South Pacific is one of those musicals that almost everyone has seen, and if they have not, they most certainly know some of the music from the show. Songs such as “Younger Than Springtime,” “Some Enchanted Evening” and “Wonderful Guy” are all from South Pacific. Walnut Street Theatre opens their 208th season with Rogers and Hammerstein’s South Pacific, and this production is enchanting with a remarkable cast.

South Pacific is based on the 1947 Pulitzer Prize winning book by James A. Michener, Tales of the South Pacific. South Pacific focuses on two of the stories from Michener’s book, “Fo Dolla” and “Our Heroine.” The stories are inspired by Michener’s experiences and observations while stationed as a lieutenant commander in the US Navy on the island of Espiritu Santo during World War II.  Rogers and Hammerstein were inspired by this book, and wrote the score for this show.  This current production of South Pacific directed by Charles Abbott provides a vivid portrait of life during a time of war.

The show includes a talented cast that keeps the audience entertained throughout the musical. Kate Fahrner plays Nellie Forbush, an innocent woman from Arkansas who has a particular zest for life. Her songs “I’m Gonna Wash That Man Right Outa My Hair,” ”Wonderful Guy” and “Honey Bun” are full of energy and merriment. In addition, Fahrner’s performance is one of the best I have seen in this role as she makes Nellie a likable character. Paul Schoeffler portrays the enchanting French planter, Emile de Becque. Schoeffler charms the audience with his songs “Some Enchanted Evening” and “This Nearly Was Mine,” and both these numbers will give the audience chills. His vocals are packed with passion and emotion, and there is an air of sophistication about him every time he appears onstage. Lori Tan Chin plays Bloody Mary, an industrious island native who is desperately trying to marry off her daughter to a young American. There is a desperation and craftiness that Chin provides in her portrayal of the Bloody Mary character. Also, her vocals in “Bali Ha’i” are full of passion. Playing Lt. Joseph Cable, a young officer with a Princeton education, is Ben Michael. One of the issues that South Pacific presents to the audience is the racial tension during World War II. This production brilliantly captures the racial tensions during this time. The song that focuses on the unease regarding racial relationships is “You’ve Got to be Carefully Taught.” Michael performs this song, and infuses frustration and anger into the number, and it provides for a powerful moment in the show. Alison T. Chi portrays Liat, Bloody Mary’s daughter who falls in love with Lt. Cable. Chi is perfectly innocent in this role, and I especially loved her performance in “Happy Talk.” Fran Prisco plays Luther Billis, a sailor who is always trying to make an extra buck. I loved Prisco in this role, he is zany, and offers comic relief throughout the show. Prisco is a riot in “Honey Bun.” Dan Olmstead and Jeffrey Coon play the commanding officers Captain George Brackett and Cmdr. William Harbison respectively, they provide a stern but likeable interpretation of these characters, which provides for added humor in their response to the antics of the group of men they are leading. The entire cast of South Pacific is fantastic, and they all bring a passion and liveliness to the show.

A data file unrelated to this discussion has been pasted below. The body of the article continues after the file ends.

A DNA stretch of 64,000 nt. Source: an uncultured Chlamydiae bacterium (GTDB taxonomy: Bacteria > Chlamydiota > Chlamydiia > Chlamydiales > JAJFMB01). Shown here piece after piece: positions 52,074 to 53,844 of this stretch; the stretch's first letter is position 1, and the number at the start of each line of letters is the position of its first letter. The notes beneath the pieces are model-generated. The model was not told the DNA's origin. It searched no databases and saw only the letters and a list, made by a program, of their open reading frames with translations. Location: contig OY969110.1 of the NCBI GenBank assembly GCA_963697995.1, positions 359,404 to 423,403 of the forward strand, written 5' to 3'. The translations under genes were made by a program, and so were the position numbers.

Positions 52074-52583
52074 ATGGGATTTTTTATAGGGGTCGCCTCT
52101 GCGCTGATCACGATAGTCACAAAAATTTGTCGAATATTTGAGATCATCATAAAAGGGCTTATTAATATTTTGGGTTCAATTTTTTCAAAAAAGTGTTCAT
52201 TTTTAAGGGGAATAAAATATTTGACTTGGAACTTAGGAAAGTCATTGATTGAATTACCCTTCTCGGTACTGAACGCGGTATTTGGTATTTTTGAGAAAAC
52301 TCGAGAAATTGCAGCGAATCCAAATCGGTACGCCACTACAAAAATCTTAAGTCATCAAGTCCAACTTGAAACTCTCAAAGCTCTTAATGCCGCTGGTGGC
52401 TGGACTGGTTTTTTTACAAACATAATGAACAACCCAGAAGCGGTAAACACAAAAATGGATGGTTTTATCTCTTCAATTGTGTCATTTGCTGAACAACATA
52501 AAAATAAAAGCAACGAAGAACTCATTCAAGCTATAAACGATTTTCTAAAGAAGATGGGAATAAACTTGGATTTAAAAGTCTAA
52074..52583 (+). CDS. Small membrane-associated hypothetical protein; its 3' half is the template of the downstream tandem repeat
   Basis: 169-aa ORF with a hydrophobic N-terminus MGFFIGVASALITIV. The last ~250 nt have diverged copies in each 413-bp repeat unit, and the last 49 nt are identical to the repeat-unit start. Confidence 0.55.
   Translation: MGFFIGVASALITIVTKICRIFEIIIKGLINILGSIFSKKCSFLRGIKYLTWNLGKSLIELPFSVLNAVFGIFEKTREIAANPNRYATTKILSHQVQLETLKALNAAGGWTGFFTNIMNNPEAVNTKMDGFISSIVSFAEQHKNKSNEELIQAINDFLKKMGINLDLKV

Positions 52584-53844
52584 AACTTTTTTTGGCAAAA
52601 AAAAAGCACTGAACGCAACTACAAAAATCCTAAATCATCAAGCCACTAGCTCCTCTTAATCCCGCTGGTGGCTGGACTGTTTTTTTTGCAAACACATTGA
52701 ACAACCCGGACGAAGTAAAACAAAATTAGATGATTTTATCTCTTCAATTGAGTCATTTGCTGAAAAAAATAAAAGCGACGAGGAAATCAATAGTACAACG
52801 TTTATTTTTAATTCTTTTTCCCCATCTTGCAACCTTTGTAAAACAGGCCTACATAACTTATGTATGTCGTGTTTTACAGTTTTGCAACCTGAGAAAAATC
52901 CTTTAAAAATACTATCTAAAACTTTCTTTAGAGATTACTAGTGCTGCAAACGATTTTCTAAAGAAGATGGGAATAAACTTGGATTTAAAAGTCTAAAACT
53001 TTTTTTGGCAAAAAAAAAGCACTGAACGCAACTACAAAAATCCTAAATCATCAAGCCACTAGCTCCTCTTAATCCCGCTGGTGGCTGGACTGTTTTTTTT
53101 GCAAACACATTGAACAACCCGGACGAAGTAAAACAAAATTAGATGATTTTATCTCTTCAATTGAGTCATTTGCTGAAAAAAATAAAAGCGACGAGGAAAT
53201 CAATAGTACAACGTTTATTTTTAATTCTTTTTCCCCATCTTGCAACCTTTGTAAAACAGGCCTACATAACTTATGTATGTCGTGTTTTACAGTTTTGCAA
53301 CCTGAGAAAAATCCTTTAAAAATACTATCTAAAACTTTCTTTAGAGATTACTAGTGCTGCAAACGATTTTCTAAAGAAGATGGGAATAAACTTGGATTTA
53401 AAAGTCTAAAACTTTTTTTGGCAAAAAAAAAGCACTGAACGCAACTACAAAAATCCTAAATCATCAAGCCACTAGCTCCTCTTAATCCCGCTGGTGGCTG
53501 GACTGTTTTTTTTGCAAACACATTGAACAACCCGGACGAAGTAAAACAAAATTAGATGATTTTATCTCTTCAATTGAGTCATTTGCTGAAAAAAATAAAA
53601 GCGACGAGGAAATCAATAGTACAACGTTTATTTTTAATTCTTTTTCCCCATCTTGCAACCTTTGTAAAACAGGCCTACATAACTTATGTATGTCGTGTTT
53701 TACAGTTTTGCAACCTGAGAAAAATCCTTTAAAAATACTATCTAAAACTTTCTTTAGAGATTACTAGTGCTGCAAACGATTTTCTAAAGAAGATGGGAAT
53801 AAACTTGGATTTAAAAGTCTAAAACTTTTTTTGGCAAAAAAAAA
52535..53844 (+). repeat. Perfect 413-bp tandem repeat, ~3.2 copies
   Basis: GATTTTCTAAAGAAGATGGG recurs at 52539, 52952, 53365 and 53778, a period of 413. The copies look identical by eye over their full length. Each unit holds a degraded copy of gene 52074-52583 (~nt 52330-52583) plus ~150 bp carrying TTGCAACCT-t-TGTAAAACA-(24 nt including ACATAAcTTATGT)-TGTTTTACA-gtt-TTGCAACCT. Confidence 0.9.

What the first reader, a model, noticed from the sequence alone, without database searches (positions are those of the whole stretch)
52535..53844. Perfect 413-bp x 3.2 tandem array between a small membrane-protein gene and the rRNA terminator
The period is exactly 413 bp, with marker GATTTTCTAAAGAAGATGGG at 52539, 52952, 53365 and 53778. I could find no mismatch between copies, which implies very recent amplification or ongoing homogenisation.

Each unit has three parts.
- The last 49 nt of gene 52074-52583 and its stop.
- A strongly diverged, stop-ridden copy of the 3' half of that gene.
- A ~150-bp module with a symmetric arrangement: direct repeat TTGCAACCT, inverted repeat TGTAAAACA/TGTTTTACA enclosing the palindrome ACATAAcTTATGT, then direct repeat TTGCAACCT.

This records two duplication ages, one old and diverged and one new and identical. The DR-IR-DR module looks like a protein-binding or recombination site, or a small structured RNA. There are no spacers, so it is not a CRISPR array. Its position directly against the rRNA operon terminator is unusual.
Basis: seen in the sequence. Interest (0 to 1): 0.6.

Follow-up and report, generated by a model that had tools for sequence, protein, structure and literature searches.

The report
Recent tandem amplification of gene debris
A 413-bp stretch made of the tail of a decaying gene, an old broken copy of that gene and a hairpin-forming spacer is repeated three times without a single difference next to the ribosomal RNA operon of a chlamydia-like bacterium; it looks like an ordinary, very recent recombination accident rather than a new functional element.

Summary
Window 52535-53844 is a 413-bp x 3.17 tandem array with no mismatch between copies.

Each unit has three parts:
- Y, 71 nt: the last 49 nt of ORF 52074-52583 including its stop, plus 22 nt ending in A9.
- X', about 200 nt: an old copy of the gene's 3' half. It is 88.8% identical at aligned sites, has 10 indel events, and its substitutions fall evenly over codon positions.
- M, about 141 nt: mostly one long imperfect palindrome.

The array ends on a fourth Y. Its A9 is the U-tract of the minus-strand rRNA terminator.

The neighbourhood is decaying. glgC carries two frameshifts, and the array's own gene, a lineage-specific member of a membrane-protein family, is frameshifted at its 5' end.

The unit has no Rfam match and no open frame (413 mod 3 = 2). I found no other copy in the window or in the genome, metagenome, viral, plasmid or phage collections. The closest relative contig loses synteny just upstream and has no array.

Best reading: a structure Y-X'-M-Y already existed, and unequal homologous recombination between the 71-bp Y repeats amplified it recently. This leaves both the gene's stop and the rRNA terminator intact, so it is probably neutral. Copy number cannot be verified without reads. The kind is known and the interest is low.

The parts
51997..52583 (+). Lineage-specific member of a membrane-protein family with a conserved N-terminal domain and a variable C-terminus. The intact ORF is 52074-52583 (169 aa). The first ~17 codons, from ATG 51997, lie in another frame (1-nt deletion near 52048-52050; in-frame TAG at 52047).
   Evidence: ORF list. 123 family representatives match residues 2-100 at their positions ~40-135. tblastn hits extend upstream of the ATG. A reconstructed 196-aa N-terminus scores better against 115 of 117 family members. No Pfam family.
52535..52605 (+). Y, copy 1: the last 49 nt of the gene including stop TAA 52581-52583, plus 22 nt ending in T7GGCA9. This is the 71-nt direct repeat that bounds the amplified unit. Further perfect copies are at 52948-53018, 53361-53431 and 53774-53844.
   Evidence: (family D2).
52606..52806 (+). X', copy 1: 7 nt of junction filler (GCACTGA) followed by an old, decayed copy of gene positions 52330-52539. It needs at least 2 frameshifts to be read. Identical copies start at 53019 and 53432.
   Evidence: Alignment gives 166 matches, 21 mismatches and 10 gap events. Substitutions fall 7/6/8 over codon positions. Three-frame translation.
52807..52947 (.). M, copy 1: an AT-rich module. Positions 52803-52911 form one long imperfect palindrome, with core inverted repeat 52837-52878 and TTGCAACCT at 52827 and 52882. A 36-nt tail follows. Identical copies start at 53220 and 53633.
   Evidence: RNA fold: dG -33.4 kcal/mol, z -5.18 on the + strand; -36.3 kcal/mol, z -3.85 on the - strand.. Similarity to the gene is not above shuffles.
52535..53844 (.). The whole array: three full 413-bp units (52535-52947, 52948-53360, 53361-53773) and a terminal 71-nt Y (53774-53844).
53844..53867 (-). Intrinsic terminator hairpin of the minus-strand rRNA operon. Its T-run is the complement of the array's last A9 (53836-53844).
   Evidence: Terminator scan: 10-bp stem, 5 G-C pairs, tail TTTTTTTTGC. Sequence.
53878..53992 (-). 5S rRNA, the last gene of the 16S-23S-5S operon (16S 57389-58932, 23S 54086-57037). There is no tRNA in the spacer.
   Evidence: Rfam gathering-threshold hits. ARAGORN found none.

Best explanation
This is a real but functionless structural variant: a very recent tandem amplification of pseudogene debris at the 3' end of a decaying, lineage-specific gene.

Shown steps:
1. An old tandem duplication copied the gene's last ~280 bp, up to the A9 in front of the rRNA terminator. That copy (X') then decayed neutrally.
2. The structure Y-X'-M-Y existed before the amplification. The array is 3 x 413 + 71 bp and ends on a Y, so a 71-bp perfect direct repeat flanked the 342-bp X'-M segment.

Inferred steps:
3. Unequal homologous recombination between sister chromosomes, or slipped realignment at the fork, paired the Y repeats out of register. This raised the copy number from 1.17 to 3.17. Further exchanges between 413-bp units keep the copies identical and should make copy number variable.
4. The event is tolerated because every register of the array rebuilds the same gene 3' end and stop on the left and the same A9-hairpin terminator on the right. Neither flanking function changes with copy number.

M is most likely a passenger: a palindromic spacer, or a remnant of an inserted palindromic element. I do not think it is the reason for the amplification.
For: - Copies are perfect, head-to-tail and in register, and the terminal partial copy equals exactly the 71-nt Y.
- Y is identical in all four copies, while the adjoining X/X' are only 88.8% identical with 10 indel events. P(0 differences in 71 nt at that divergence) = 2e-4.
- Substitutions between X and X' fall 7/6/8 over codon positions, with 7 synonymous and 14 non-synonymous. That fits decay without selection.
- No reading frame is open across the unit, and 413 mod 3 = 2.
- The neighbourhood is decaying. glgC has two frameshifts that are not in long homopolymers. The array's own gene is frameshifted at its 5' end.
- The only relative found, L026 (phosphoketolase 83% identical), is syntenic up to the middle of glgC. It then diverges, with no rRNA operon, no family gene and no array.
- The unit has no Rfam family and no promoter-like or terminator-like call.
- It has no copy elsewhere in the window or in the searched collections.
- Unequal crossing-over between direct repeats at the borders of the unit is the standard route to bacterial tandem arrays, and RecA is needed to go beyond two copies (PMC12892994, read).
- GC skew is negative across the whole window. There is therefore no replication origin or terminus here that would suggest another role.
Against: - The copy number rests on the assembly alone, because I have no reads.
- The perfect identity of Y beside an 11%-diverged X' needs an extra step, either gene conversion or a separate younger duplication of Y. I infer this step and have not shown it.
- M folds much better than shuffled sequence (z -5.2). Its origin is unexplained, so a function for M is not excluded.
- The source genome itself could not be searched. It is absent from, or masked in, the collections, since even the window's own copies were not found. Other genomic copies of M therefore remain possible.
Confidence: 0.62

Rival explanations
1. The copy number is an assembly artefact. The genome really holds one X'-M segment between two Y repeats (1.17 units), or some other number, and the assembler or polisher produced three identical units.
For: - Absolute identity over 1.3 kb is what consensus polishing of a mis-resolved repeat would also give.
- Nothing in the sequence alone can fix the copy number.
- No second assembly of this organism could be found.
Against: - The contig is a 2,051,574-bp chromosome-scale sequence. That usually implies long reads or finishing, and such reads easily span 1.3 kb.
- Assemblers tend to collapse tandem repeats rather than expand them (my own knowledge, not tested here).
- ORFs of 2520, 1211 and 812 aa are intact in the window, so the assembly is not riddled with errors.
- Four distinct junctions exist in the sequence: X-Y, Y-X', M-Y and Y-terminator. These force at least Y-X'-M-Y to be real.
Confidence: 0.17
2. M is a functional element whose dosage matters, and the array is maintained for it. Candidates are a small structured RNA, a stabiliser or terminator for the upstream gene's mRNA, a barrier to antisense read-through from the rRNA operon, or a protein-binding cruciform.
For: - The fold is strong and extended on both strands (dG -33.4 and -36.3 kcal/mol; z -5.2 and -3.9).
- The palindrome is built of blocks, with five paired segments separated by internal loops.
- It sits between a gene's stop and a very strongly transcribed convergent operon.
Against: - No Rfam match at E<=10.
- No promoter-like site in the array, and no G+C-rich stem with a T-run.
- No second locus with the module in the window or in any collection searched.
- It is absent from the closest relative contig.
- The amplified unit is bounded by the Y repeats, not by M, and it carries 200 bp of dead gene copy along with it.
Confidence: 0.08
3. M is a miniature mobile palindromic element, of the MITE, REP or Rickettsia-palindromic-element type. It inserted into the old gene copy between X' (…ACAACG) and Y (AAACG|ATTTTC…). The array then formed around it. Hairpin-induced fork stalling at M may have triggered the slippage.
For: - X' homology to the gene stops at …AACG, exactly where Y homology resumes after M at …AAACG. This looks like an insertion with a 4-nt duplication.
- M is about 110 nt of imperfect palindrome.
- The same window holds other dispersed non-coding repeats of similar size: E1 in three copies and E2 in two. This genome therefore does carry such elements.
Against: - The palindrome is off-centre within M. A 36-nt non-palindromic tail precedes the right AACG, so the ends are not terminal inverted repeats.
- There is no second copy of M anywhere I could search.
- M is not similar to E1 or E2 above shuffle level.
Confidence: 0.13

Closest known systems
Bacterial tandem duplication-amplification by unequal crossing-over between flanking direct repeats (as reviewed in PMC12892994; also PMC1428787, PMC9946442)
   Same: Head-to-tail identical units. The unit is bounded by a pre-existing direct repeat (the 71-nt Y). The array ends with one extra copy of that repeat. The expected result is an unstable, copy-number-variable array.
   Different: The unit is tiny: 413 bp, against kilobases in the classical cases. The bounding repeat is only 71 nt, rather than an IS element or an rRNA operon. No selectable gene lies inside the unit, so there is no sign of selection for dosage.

There is a group of people who seem overlooked in reviews, and I would be remiss if I did not mention them in this review. The group I am referring to are the members of the ensemble. They are a group of people who play a bevy of roles throughout the show, and always add a ton of energy and zeal to the show. They provide wonderful and enthusiastic performances in such numbers as “Bloody Mary,” “I’m Gonna Wash That Man Right Outa My Hair,” and “The Thanksgiving Follies.” The members of the ensemble in South Pacific are: Joey Abramowicz, Ben Dibble, Jennie Eisenhower, Maria Konstantinidis, Owen Pelesh, Shavey Brown, Schyler Conaway, Casey Elizabeth Gill, Jessica Gruver, Kathryn Miller, Joseph Michael O’Brien, Chris Stevens, Christopher Shin and Sean Thompson.

The creative team for this production of South Pacific also need mentioning. Robert Andrew Kovach designed the beautiful set. Mary Folino designed the amazing costumes. Paul Black is the Lighting Designer and Ryan Peavy is the Sound Designer. The incredible choreography is by Michelle Gaudette. John Daniels serves as the Music and Vocal Director.

South Pacific runs at Walnut Street Theatre through October 23, 2016. For more information and tickets isit their website at or call the box office at 215-574-3550 or 800-982-2787.

Photo Credit Mark Garvin

Final Thought: South Pacific provides a portrait of life on two islands in the South Pacific during World War II. The cast of the show is strong, energetic and give incredible performances. This production is enchanting and powerful, and any fan of Rogers and Hammerstein or classic musicals will not want to miss this production.

Kelli Curtin is founding editor and writer for In addition, she is a contributor for the online site Kelli is excited to share her passion about theatre and the Arts with her readers. Kelli can be found on TwitterFacebook and on Instagram

0 Responses

Post a Comment

  1. Leave this field empty

Required Field